When my cat, Neo, was 7 years old, he began scratching and licking open sores on his belly. A blood test revealed he was mildly allergic to pollen, but the strongest reaction was to protein, specifically chicken, turkey and beef.
Initially, heavy doses of steroids were Neo’s only relief, but I purchased cat food made with venison, something he had never eaten. The itching slowly got better and, after a time, I gradually weaned him off the steroid to see if the food change had solved the scratching entirely. Neo’s itching was much less intense than it had been previously, but he still scratched. My vet put him back on a lower dose of steroids, but I was concerned about the long-term side effects.
After some Internet research, I decided to try acupuncture. Neo had four or five sessions over several months, but after each one, the itching improved. Eventually, I was able to take him off of the steroids entirely.
Bernard Glassman and his wife, Barbara, of Chapel Hill adopted Tofu, their yellow lab, when she was just a puppy. At 11 years old, Tofu was diagnosed with a condition that resulted in a growth on her spine. They were told that she might have six months to live and the pain would likely be too great to justify keeping her alive.
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Tofu could no longer walk up the steps of their home and Bernard and Barbara considered putting her on painkillers, but, like me, they were concerned about side effects. The vet who diagnosed Tofu suggested acupuncture and, even though it seemed like a lot of hoodoo to him at the time, Bernard called a qualified vet.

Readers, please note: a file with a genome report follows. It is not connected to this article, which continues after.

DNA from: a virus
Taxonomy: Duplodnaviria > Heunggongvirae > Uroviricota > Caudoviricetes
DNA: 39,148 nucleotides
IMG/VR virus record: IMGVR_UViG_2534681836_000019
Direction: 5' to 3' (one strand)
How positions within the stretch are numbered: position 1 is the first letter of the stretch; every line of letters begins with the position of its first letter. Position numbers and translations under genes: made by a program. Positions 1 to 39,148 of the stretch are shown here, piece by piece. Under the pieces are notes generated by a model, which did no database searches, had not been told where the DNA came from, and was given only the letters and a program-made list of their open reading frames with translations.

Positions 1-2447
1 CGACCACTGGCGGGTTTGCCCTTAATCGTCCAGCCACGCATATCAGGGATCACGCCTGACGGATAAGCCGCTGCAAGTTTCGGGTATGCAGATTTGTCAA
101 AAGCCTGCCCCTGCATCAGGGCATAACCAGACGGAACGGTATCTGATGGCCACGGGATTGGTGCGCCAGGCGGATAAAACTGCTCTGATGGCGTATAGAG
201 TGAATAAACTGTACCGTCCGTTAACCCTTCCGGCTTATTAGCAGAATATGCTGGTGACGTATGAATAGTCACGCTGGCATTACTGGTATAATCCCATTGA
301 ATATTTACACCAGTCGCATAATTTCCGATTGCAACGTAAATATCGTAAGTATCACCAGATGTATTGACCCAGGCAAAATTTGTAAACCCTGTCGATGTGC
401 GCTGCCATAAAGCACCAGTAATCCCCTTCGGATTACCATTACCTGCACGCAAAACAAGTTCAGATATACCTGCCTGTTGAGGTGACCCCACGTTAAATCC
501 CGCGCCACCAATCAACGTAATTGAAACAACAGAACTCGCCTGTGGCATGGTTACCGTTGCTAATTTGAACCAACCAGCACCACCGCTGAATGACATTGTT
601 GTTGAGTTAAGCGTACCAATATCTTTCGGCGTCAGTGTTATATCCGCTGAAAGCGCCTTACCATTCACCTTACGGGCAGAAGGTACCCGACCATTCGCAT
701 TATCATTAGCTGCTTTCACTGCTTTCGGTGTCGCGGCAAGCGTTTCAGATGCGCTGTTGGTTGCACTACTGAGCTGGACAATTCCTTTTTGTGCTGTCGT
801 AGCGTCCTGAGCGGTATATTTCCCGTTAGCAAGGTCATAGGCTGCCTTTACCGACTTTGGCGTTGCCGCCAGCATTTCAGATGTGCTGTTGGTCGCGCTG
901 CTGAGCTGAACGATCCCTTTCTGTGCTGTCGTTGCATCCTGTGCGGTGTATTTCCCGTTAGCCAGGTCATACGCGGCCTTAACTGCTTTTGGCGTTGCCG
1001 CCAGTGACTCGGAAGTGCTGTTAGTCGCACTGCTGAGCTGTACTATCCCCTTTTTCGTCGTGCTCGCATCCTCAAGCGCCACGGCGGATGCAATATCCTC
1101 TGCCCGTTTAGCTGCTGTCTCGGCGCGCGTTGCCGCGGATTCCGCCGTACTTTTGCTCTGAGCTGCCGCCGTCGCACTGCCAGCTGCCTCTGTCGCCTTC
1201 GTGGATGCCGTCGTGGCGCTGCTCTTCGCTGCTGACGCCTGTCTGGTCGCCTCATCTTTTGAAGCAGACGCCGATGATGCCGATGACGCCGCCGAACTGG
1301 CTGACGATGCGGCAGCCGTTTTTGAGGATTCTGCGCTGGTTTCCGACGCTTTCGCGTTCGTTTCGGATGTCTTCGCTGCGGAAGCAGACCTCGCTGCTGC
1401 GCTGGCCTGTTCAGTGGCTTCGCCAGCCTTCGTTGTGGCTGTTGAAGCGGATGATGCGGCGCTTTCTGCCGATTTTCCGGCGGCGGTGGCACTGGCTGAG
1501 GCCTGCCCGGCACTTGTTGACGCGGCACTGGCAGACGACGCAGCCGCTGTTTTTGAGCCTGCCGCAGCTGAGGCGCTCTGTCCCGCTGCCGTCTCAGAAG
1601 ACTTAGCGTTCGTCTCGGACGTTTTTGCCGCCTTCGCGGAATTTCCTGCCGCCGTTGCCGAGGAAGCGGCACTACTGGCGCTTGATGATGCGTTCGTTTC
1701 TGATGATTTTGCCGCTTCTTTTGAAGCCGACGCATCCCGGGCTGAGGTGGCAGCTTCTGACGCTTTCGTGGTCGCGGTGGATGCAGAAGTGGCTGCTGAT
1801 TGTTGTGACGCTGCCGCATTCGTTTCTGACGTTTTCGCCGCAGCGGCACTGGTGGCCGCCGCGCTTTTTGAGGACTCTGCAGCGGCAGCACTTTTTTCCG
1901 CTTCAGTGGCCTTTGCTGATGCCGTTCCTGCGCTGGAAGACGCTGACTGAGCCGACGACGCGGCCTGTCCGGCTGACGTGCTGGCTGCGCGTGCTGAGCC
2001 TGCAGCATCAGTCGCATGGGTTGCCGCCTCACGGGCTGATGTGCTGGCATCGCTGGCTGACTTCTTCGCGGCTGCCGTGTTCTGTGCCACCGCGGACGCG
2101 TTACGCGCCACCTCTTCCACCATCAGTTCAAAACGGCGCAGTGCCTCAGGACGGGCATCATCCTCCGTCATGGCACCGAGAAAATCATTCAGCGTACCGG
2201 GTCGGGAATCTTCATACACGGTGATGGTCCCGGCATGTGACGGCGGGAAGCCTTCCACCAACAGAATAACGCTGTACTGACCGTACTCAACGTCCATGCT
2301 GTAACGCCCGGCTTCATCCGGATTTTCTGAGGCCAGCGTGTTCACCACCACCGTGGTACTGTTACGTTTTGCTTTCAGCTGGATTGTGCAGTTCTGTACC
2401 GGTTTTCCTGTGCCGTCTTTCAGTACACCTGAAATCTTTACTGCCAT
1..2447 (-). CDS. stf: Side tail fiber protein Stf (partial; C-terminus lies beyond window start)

At the first session, Bernard held Tofu and watched her relax and eventually sleep with the needles sticking out of her fur. “All I know is that, once Tofu was getting the acupuncture, she moved more easily,” said Glassman. “After one treatment, she walked up the stairs after at least a month of barely being able to get up a curb.”
Tofu received regular acupuncture until she passed, which was five years beyond her diagnosis.
According to Bernard, “We gave Tofu a pill for pain on occasion, but I feel that acupuncture saved her.”
Not every story is as dramatic as Tofu’s, but fortunately for our animal companions, acupuncture can be used to treat dogs and cats supportively for pretty much anything.
All I know is that, once Tofu was getting the acupuncture, she moved more easily.
Owner Bernard Glassman
Michelle Droke, DVM, of Cole Park Veterinary Hospital says: “The most common things we treat and probably have the most success treating are arthritis, leg pain, back pain, and neck pain. We also use acupuncture in patients that have various diseases like cancer, for example. We’re not necessarily going to cure their cancer, but we can help treat nausea and pain associated with the cancer. We can also try to support the immune system to slow the progression of the cancer and help with energy level.”
Acupuncture is also used to help treat seizure disorders, which can result in fewer seizures and decreased medication.
“A lot of the drugs we use have potential side effects and acupuncture really doesn’t, so it’s a nice, safe thing we can try to support our patients,” says Droke.
The basic principle behind acupuncture is that accessing specified energy points in the body stimulates the central nervous system, which, helps to increase the flow of qi, or life energy. When acupuncture needles are inserted at these points, feel-good hormones, or endorphins, are released, which not only ease physical pain but also promote relaxation.
Dr. Droke indicates, however, that not every animal is helped by acupuncture. Just like humans, some animals respond and some do not. And, just like humans, there are patients that simply don’t like acupuncture.
“Some dogs try to bite us and it ends up being more stressful than helpful to try to put the needles in, and the same is true with some cats. We are limited a little bit by a patient’s disposition.”
A growing number of veterinarians are trained in acupuncture and the American Academy of Veterinary Acupuncture (www.aava.org) offers a searchable database of certified veterinary acupuncturists across the country. Please seek the advice of your veterinarian if you are interested inacupuncture for a four-legged friend.
Holly Hough, Ph.D., works with the Clergy Health Initiative at the Duke Divinity School. You can contact and follow her at facebook.com/drhollyhough.